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Courtesy: Kowloonese [CC BY 3.0 ] via Wikimedia Commons


Written collaboratively by Gared Shaffer and Laura Edwards.

Common Questions

When precision agriculture comes into a conversation a few questions arise. Three of those questions might be: What is precision agriculture? How does precision agriculture make our farm more profitable? What do I do with all this data?

What is precision ag?

It is a farming management concept based on observing and responding to intra-field variations, consisting of automated controls, gathering and using geospatial data. Precision agriculture includes collecting data, but also using it to inform in-season and long-term management decisions.

How can precision agriculture make our farm profitable?

The most widely adopted areas in precision ag have to do with what is automated. Bruce Erickson from Purdue University said, “The technologies that have been the most rapidly adopted are those that are automated….things like sprayer controllers, planter row shut offs and tools that guide implements through the field are helping reduce costs”. The cost though, to start precision farming can be a daunting task and make farmers nervous with the current low commodity prices and high prices of precision equipment. Precision Ag technology can provide some information on where you can balance optimum yield with costs of inputs, such as fertilizer/nutrients, hybrid choice, and other treatments.

What do I do with all this data?

This is why there has been a large increase in the use of not just the technology but also for analysis and advisory services from numerous precision ag industry providers. Over time, growers can utilize data that has been collected from yield maps, “as-applied” maps, weather/climate data, and other data, to identify areas where more intensive management may be beneficial, or where less intensive management may produce just as well. These data may also show what climate conditions are favorable across various areas, such as which locations prefer wetter, drier, cooler or warmer growing conditions.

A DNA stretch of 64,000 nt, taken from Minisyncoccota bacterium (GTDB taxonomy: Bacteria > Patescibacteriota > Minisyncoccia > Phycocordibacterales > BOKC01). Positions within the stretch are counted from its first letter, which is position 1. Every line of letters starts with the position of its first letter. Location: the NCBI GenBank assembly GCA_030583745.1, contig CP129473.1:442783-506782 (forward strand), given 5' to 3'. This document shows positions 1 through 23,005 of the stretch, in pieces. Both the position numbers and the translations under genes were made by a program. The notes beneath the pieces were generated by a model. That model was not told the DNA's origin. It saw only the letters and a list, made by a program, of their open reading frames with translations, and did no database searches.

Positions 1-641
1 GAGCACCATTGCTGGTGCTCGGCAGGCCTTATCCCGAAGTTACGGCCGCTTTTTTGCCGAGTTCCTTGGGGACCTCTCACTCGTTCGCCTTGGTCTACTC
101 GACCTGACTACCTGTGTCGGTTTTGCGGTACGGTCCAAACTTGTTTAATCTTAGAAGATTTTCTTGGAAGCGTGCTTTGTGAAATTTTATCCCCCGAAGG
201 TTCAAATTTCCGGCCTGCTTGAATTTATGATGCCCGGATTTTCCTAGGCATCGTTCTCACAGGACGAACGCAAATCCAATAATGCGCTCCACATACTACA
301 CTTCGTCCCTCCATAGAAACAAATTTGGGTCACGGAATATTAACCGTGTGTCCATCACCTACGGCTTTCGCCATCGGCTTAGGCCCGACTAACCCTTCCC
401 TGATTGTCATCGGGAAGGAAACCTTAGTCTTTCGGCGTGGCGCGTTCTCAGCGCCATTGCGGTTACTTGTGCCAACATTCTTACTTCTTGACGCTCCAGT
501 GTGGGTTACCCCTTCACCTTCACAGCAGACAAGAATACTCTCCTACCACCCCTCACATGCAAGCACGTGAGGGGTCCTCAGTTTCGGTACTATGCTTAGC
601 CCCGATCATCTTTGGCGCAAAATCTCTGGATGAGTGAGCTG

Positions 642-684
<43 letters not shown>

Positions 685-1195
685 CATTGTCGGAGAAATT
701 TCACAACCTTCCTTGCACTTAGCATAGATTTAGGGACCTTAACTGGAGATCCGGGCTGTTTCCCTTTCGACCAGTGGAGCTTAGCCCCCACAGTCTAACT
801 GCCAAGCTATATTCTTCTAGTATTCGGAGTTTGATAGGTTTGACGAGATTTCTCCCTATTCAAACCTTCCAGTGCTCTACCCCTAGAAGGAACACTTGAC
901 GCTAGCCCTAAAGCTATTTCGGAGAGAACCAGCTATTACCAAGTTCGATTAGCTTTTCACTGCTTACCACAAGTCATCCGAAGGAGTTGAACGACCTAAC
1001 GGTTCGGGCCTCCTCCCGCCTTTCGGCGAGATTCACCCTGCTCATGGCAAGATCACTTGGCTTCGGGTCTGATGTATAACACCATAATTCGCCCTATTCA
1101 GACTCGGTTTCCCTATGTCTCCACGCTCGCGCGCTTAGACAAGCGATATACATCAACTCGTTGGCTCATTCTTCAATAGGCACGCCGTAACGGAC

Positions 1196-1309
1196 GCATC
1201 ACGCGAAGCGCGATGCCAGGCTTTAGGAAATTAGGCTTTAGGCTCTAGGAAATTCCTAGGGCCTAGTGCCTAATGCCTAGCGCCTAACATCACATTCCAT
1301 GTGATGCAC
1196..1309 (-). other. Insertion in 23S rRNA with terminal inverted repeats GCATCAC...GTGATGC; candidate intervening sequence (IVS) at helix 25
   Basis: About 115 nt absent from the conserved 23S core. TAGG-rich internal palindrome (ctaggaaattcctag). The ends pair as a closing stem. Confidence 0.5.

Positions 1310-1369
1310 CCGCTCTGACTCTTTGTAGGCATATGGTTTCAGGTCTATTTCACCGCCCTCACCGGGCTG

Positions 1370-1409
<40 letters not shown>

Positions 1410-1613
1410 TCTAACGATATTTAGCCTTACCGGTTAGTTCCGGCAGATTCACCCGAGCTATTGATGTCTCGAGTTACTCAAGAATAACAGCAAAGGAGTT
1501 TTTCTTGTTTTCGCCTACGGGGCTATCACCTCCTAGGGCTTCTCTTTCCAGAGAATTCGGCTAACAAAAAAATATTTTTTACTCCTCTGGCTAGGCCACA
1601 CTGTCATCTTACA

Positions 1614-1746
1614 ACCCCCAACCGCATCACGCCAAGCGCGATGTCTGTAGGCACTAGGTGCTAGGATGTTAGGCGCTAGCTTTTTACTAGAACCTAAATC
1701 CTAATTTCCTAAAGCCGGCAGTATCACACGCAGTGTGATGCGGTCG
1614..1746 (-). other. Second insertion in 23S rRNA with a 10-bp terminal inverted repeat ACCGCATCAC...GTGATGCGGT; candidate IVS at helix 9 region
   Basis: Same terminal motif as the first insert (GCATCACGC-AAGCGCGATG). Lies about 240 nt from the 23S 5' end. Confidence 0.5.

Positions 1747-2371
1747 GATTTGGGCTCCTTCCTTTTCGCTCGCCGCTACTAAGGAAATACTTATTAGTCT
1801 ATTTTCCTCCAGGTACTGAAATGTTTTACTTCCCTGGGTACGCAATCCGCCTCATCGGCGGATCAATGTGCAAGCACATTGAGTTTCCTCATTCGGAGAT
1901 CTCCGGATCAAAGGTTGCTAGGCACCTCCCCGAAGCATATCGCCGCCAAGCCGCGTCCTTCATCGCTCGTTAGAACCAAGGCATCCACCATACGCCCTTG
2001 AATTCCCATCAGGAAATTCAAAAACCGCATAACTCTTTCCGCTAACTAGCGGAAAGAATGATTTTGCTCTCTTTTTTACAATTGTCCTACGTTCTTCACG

19th Annual Precision Agriculture Conference

February 27, 2018 @ Aberdeen, SD

In the Aberdeen area, precision ag conferences were developed and initiated based on the demand for this information to be promoted between farmers, industry and extension to see the benefits, how to adapt and how to use precision ag tools on the market, in combination with current best management practices. The 19th Annual Precision Agriculture conference on February 27, 2018, will help local producers be more profitable and be informed. This conference is co-organized by SDSU Extension, South Dakota State University’s Precision Ag program, and Agtegra Cooperative.

At this year’s conference, Brad Carlson from the University of Minnesota will give a presentation on variable rate nitrogen and what is it based on. Teddy Bekel from Winfield United will be speaking on the topic of “Is digital the future of Ag?” and Mike Jaspers, the South Dakota Secretary of Agriculture, will be a keynote presenter after lunch. Laura Edwards (SDSU Extension State Climatologist) will partner with Gared Shaffer (SDSU Extension Weeds Field Specialist) to discuss weed management and weather in the 2018 growing season.


For more information view the 19th Annual Precision Ag Conference event listing.

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